The distance covered by a wireless network or radio device. Depending on the environment and the type of antenna used, Wi-Fi signals can have a range of up to a mile.
An encryption cipher designed RSA Data Security. It allows key lengths up to 1024 bits and is a component in many encryption schemes, including SSL, WEP, and TKIP. (See SSL, WEP, TKIP).
A wireless repeater is a device that extends the coverage of an existing access point by relaying its signal. A wireless repeater does not do intelligent routing performed by wireless bridges and routers.
A wireless device that allows multiple devices accessing a home network, including PCs and peripherals to access the Internet and communicate with one another. (See gateway).
Radio Frequency Identification. An electronic identification technology that uses radio frequency signals to read identifying data contained in tags on equipment and merchandise. An alternative to bar codes.
Standard connectors used in Ethernet networks. They appear similar to standard RJ-11 telephone connectors. However, RJ-45 connectors can have up to eight wires, whereas telephone connectors have only four.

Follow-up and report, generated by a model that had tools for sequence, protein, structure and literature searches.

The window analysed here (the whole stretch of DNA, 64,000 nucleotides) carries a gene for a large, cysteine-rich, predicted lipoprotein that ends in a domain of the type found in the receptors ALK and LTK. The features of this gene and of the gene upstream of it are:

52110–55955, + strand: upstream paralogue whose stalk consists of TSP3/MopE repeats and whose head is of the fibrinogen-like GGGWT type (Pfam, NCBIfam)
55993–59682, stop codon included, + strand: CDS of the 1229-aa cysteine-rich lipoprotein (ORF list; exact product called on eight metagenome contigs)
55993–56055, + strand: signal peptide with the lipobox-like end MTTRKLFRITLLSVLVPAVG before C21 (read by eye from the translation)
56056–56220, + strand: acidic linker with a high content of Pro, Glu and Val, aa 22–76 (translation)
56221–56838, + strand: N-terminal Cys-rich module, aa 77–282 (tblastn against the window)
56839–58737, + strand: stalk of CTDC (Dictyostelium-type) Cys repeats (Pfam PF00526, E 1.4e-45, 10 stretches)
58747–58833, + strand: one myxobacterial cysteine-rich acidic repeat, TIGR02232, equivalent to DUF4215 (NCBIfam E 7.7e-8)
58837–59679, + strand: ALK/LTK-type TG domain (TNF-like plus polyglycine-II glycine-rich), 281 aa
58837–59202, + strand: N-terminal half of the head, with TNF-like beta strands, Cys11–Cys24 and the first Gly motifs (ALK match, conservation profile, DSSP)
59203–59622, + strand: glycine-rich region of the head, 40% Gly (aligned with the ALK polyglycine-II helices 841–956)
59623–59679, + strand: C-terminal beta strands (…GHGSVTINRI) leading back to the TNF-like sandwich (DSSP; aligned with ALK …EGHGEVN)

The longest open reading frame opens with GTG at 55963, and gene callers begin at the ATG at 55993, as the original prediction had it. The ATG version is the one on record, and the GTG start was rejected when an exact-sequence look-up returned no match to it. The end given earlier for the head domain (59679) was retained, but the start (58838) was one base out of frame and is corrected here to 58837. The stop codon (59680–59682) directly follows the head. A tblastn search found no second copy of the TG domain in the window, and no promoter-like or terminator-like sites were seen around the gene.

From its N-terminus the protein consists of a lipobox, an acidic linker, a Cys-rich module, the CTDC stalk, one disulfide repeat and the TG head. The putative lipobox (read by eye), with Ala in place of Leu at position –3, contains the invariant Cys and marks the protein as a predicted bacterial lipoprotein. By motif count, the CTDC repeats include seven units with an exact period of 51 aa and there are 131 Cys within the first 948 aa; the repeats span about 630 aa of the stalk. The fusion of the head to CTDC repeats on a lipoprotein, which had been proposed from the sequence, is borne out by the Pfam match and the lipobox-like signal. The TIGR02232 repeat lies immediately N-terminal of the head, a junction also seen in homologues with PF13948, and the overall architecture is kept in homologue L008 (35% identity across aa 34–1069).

The ability to move seamlessly from one area of Wi-Fi or cellular phone coverage to another with no loss in connectivity. Roaming also refers to the ability of road warriors to wirelessly connect to the Internet from different hotspots without confronting the array of schemes used by different providers to authorize use and track billing. Roaming agreements among providers allow mobile professionals to a single authentication and authorization scheme to have all charges resolved to a single bill. (See hotspot, mobile professional).
An unauthorized access point installed on a company's WLAN, typically by a user. Rogue access points present security risks. They rarely conform to the organization's security policies and, typically, no security at all is enabled on them. Rogues present open, insecure interfaces to the company's network. (See intrusion detection).
A wireless router is device that accepts connections from wireless devices to a network and includes a network firewall for security, and provides local network addresses. (See hub).